2) All of the above relates to classrooms where teachers are concerned primarily with the transmission of knowledge – asking questions, receiving answers, consolidating the retention of information. There’s no consideration here of cooperative or collaborative learning since it’s assumed that the pace of learning should be driven by the teacher at the centre of everything. There’s no mention here of children learning how to collaborate or learning crucial social skills. It’s assumed that children learn more and learn faster when they don’t communicate with one another? And even if that’s true – are speed and curriculum coverage the keys to a great education? Is there no merit in “Slow Education“?

3) None of the above relates to how children might “learn like a champion”. The focus is on teaching, not learning. None of it concerns how children might become independent, active, self-motivated learners. None of it involves children learning how to learn. None of it concerns children using their creativity or imagination, or honing their independent research skills.

4) There’s no mention here of children at different levels of learning, or of children with special educational needs. Are we really saying that the classes he observed are so homogenous the children can all cope with whatever is being offered in the way of maths, physics, foreign languages, etc?

5) None of the above concerns children learning how to formulate and express their own questions, ideas and opinions. None of it addresses artistic creativity and expression, drama, dance, drawing, design, etc.

This article suggests we could be at the dawn of a ‘revolution’ in teaching, and its readers may be drawn into thinking that the model of teaching and schooling suggested here is the one best suited to learning in the 21st Century. We’re by no means the only ones who think it isn’t. We’re not saying these tips for teachers are useless or invalid – we’ve used these techniques ourselves with various age groups over many years – some more than others, depending on the needs of the children and the curriculum to be covered.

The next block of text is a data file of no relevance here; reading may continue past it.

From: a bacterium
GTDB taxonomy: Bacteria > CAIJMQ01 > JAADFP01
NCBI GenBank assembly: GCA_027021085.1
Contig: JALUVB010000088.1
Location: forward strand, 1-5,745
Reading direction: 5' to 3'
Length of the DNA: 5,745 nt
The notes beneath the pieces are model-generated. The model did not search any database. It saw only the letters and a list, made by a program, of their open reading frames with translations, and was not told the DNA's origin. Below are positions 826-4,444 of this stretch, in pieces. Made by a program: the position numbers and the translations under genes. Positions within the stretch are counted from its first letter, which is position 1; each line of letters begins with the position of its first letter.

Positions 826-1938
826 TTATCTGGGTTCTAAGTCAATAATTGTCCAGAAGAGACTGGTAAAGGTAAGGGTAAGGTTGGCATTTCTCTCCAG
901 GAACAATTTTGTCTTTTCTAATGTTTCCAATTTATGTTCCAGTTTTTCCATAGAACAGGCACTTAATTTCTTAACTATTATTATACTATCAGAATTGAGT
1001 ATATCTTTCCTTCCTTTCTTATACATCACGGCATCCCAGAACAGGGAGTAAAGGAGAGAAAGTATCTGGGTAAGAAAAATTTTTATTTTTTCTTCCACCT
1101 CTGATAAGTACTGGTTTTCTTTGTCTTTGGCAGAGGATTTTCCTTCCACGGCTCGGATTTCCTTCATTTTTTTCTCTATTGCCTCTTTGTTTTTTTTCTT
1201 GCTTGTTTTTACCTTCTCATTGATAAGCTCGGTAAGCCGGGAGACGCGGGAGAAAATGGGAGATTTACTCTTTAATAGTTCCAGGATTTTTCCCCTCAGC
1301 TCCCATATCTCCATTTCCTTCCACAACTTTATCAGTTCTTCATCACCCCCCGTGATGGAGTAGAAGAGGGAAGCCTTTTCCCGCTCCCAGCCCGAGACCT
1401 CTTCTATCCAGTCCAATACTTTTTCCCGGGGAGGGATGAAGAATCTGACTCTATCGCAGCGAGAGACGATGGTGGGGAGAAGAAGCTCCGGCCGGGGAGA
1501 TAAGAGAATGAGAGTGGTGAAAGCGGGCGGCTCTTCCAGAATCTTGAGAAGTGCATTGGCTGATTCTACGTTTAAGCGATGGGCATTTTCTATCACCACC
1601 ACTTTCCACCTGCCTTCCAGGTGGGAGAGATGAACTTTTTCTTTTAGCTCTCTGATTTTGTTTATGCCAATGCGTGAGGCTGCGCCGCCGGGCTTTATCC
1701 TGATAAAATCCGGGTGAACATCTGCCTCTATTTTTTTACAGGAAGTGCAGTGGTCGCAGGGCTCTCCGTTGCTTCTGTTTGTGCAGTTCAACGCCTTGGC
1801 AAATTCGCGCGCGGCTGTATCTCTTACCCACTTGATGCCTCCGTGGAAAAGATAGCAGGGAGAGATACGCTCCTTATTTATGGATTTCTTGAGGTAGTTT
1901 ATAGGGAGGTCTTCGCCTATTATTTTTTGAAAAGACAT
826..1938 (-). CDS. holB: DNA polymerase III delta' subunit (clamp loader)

These ideas are part of the story of improving education, but there’s so much more to successful teaching and learning than this article would have us believe. Yes, let’s raise attainment – but let’s consider other aspects of achievement and what’s involved in enabling all children to enjoy the broad and rich education that really good schools provide. It’s fine to list the ways in which successful teachers get results, but let’s also consider the needs of learners and how they can become successful, enthusiastic, independent and lifelong learners.

For a review of Doug Lemov’s book, try this one by Tim Taylor –

See also:

The Future of Education – in Finland and Elsewhere – plus links at the foot of this article

About 3D Eye

Gary Foskett and Clare Blackhall are educationalists, writers and consultants. We work with schools and other organisations who share our vision of how schools, businesses, etc should work in the 21st Century. We also run courses and contribute to conferences - speaking about our three dimensional model of intelligences and how schools, colleges and universities can develop the full potential of all their staff and students. We also offer consultancy for businesses and public sector organisations to support staff training and organisational change and development. For more detailed information read our blog at or see our website at